Facts about World War II

Historical accurate facts about World War II
  • Start: World War 2 started on September 1, 1939, when Hitler’s troops entered Poland under an agreement with the Soviet Union called the ‘Hitler-Stalin Pact’. In the first half of 1940, Hitler defeated Denmark, Norway, the Netherlands, Belgium and Luxembourg in the so-called ‘Blitzkriege’. During the summer, he took France in just 6 weeks, but lost the Battle of Britain
  • Operation Barbarossa: On June 22, 1941, he launched Operation Barbarossa, where German troops reinforced Italian troops (under Mussolini) in the Balkan War (which went relatively badly for the Italians)
  • The fate of the German people: Hitler’s conviction was clear: either the German people had to fight and die a matyr’s death, or they had to succumb to other, stronger peoples – there was no middle ground. On November 27, 1941, Hitler stated the following: “If the German people are not strong and sacrificial enough to give their blood for their existence, they must perish and be destroyed by another, stronger power. I shall not shed a tear for the German people
  • Japan: Japan was allied with Germany and on December 7, 1941, the Japanese attacked the US naval bases at Pearl Harbor in Hawaii. This brought the US into the conflict and on December 11, 1941, Hitler decided to declare war on the US
Fact: Hitler was the focal point of World War 2
Attribution: W.wolny – Wikipedia

Fact: Hitler (right) was one of the most central figures in World War 2

  • 1943: The war really began to turn for the Germans at the Battle of Stalingrad, where the entire German 6th Army surrendered. The defeat was mainly due to Hitler forbidding the 6th Army from retreating from the front. Later that year, the Allies gained air supremacy over Germany, resulting in the total destruction of several German cities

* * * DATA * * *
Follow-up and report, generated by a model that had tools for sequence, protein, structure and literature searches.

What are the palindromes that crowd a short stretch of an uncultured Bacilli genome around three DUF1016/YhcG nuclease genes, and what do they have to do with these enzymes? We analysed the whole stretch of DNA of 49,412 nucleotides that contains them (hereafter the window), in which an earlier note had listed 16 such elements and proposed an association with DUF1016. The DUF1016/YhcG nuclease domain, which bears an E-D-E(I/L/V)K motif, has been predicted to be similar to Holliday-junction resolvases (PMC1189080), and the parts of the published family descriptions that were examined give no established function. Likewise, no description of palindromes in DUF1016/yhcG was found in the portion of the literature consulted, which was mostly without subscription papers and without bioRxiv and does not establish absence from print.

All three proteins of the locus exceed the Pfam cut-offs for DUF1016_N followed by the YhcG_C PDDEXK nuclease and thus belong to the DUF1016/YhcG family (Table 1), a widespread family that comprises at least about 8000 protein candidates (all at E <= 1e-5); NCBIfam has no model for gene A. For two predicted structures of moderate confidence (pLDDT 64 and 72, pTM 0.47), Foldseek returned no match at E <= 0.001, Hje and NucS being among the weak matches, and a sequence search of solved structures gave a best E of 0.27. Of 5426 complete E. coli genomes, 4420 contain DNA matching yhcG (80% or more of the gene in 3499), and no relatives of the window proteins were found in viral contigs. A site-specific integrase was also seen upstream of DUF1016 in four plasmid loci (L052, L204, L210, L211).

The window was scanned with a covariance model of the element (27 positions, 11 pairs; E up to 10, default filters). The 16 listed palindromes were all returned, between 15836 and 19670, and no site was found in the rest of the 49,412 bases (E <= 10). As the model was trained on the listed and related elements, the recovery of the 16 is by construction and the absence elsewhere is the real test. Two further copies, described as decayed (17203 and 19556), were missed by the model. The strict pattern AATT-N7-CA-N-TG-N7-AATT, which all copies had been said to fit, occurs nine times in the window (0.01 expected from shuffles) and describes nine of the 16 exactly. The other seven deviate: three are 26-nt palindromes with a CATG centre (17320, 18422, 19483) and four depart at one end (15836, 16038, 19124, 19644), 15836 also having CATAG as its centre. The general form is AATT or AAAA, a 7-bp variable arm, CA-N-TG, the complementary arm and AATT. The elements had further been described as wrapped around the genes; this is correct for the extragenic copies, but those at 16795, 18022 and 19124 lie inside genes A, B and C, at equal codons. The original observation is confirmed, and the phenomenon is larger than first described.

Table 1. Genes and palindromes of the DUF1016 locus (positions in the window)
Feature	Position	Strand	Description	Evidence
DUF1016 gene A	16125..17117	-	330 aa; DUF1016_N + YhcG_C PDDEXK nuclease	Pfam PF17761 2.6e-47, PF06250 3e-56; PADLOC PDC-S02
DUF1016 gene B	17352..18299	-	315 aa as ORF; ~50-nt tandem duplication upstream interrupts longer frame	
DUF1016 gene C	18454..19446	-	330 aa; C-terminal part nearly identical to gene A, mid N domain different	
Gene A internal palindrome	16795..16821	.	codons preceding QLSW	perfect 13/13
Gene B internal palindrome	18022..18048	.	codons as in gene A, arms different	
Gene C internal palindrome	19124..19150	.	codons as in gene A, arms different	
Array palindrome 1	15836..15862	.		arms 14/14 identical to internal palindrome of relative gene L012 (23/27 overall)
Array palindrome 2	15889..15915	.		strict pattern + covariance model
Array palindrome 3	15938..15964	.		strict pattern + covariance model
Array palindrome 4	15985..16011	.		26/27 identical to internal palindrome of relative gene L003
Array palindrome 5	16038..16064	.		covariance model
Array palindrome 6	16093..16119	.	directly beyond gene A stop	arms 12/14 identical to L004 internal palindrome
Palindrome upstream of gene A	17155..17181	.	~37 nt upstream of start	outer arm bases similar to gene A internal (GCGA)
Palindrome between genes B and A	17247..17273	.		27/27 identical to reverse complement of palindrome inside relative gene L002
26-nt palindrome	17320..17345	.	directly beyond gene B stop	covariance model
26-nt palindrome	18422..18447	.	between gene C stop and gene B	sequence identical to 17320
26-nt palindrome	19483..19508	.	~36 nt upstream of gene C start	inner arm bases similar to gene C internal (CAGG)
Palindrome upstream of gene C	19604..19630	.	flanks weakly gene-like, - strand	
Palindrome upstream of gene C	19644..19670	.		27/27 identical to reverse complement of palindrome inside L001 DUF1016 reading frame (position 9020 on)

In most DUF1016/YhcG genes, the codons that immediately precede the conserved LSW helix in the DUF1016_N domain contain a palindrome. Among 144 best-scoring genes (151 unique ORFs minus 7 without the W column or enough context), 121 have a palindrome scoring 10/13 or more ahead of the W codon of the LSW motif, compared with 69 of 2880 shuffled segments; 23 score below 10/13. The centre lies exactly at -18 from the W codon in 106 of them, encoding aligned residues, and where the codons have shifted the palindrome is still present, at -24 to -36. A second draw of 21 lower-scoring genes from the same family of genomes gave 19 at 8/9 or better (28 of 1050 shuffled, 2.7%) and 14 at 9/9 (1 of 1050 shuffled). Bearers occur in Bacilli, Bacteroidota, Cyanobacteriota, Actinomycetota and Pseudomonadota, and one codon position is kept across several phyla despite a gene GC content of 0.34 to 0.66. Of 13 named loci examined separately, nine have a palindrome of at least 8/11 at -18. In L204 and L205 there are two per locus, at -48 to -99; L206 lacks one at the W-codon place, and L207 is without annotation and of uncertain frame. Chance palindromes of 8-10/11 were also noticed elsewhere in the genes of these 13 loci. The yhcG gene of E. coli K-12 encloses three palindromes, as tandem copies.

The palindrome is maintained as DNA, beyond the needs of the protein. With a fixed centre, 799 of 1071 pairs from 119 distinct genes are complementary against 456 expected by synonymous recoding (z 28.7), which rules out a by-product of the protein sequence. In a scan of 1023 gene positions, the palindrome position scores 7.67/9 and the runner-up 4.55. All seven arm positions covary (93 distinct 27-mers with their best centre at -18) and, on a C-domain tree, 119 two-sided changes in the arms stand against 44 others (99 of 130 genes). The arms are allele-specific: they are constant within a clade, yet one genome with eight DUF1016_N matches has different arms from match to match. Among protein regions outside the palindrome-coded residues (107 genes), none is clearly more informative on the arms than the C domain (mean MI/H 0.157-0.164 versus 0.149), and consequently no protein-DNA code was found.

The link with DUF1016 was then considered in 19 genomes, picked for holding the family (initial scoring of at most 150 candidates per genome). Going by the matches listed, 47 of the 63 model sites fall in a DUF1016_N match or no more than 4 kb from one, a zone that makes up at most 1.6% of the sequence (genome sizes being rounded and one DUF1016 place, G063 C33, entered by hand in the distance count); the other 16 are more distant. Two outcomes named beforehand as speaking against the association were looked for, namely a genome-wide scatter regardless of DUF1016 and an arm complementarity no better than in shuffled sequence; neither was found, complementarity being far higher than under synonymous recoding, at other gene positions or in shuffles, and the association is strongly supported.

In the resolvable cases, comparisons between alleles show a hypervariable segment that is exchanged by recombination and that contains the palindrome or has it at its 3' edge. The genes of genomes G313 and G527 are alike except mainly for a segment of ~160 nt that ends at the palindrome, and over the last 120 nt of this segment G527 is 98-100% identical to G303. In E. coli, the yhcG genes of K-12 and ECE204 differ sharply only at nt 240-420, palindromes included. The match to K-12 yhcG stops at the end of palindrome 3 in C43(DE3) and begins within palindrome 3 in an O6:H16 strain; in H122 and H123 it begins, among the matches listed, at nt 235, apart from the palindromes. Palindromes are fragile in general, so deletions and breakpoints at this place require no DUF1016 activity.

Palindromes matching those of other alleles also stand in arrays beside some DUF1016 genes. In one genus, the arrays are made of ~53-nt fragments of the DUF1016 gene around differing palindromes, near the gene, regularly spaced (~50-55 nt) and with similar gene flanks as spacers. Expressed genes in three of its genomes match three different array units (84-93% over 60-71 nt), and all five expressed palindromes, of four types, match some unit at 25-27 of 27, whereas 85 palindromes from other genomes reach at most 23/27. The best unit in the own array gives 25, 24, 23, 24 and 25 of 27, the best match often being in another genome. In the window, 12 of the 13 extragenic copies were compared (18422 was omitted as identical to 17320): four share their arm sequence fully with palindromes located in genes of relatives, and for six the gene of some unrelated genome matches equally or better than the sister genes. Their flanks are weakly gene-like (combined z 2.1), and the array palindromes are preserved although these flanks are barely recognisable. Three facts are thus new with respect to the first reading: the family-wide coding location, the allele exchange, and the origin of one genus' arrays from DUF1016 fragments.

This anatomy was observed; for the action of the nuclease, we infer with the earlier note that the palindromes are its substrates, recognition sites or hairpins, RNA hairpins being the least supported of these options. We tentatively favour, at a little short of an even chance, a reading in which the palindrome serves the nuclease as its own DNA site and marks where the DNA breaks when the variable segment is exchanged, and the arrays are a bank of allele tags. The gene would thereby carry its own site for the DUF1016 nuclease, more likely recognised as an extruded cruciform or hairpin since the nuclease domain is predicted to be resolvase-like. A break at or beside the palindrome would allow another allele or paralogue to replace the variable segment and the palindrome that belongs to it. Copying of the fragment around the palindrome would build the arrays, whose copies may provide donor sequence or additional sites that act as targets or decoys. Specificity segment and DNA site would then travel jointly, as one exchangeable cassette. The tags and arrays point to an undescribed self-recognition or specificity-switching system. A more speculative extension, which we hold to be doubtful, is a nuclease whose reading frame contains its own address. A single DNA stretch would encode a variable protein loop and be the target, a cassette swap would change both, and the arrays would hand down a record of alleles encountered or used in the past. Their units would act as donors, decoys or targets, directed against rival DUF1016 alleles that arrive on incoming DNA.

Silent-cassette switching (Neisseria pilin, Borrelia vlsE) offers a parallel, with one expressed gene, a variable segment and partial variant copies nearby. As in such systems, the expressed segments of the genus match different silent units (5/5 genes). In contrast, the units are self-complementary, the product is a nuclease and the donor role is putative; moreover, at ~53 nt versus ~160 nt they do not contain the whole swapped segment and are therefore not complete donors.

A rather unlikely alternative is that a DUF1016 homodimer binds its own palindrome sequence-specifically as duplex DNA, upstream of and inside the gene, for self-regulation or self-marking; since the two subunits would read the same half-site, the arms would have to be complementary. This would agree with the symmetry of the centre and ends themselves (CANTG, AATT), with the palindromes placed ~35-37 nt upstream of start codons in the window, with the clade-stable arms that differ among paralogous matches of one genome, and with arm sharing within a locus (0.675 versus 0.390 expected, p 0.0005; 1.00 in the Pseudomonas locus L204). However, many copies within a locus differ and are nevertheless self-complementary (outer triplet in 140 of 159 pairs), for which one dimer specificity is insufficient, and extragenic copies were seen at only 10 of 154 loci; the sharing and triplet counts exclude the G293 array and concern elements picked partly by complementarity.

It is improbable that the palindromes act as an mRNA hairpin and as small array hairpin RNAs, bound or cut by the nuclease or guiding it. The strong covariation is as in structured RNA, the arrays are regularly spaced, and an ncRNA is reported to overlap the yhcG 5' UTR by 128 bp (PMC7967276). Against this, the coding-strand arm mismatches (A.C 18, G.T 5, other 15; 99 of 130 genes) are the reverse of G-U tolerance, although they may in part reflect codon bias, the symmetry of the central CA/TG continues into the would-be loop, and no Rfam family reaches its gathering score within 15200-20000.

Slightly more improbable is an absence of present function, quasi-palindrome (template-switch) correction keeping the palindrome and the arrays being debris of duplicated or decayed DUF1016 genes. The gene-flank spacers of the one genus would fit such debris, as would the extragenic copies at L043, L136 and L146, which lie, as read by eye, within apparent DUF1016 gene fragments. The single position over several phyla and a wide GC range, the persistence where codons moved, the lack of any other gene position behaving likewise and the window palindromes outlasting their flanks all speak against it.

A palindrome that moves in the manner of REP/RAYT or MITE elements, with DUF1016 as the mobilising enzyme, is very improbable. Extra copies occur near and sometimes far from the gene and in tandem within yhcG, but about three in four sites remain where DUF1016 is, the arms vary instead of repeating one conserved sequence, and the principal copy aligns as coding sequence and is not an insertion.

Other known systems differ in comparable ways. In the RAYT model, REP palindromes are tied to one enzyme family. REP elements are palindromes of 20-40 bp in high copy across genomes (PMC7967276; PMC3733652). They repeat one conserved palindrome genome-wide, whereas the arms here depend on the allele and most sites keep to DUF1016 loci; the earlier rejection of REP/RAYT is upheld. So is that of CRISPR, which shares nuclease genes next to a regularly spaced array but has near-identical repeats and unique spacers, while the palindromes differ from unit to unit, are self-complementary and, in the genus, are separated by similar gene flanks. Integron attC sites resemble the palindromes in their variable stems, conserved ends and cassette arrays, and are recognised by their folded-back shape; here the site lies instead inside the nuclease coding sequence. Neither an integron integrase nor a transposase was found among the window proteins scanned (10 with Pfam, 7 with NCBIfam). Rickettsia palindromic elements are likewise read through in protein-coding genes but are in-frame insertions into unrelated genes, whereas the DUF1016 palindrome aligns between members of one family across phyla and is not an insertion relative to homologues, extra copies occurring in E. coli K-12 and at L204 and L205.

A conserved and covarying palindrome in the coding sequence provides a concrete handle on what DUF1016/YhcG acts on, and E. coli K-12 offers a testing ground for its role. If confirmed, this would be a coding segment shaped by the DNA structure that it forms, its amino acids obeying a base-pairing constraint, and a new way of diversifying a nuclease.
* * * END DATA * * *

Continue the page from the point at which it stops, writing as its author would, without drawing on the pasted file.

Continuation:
• D-day: The invasion of Normandy began on June 6, 1944, marking the beginning of the end of World War II. However, on December 16, the Germans launched a final offensive in Belgium’s Ardennes region – but the offensive was doomed to failure from the start, as German forces were outnumbered


  • The Nero command: Hitler issued the so-called ‘Nero Order’ on March 19, 1945, which was intended to make the enemy’s advance more difficult and to ensure that nothing was left behind – in practice, the order meant the destruction of all public property (especially infrastructure). Behind the order was also the idea that the end of the German people had come and that they would never use the property again anyway (so it might as well be destroyed). However, the order was never fully implemented because its execution was difficult under the chaotic circumstances. In addition, the Minister of Armaments, Albert Speer, who was in charge of carrying it out, did not like the idea and therefore deliberately thwarted it
  • Enden: On April 30, 1945, Hitler committed suicide with his partner Eva Braun. The two had married the day before in a small ceremony in the Führer’s bunker. The suicide was carried out by each taking a cyanide capsule and Hitler also shot himself in the temple. Hitler’s staff then burned the two bodies in the Reich Chancellery garden. The bodies were then exhumed by the Russians and taken to Magdeburg, where they were secretly buried under a Russian military facility. They remained there until 1970, when the then KGB chief ordered them dumped in the Elbe River, which led them into the North Sea, where they disappeared
  • The end of the warWorld War II ended on May 8, 1945 in Europe, but continued in Japan, where the Americans dropped the atomic bombs on Hiroshima on August 6 and Nagasaki on August 9 of the same year. On August 15, the Japanese surrendered and on September 2, 1945, the Declaration of Peace was signed, marking the final end of World War II.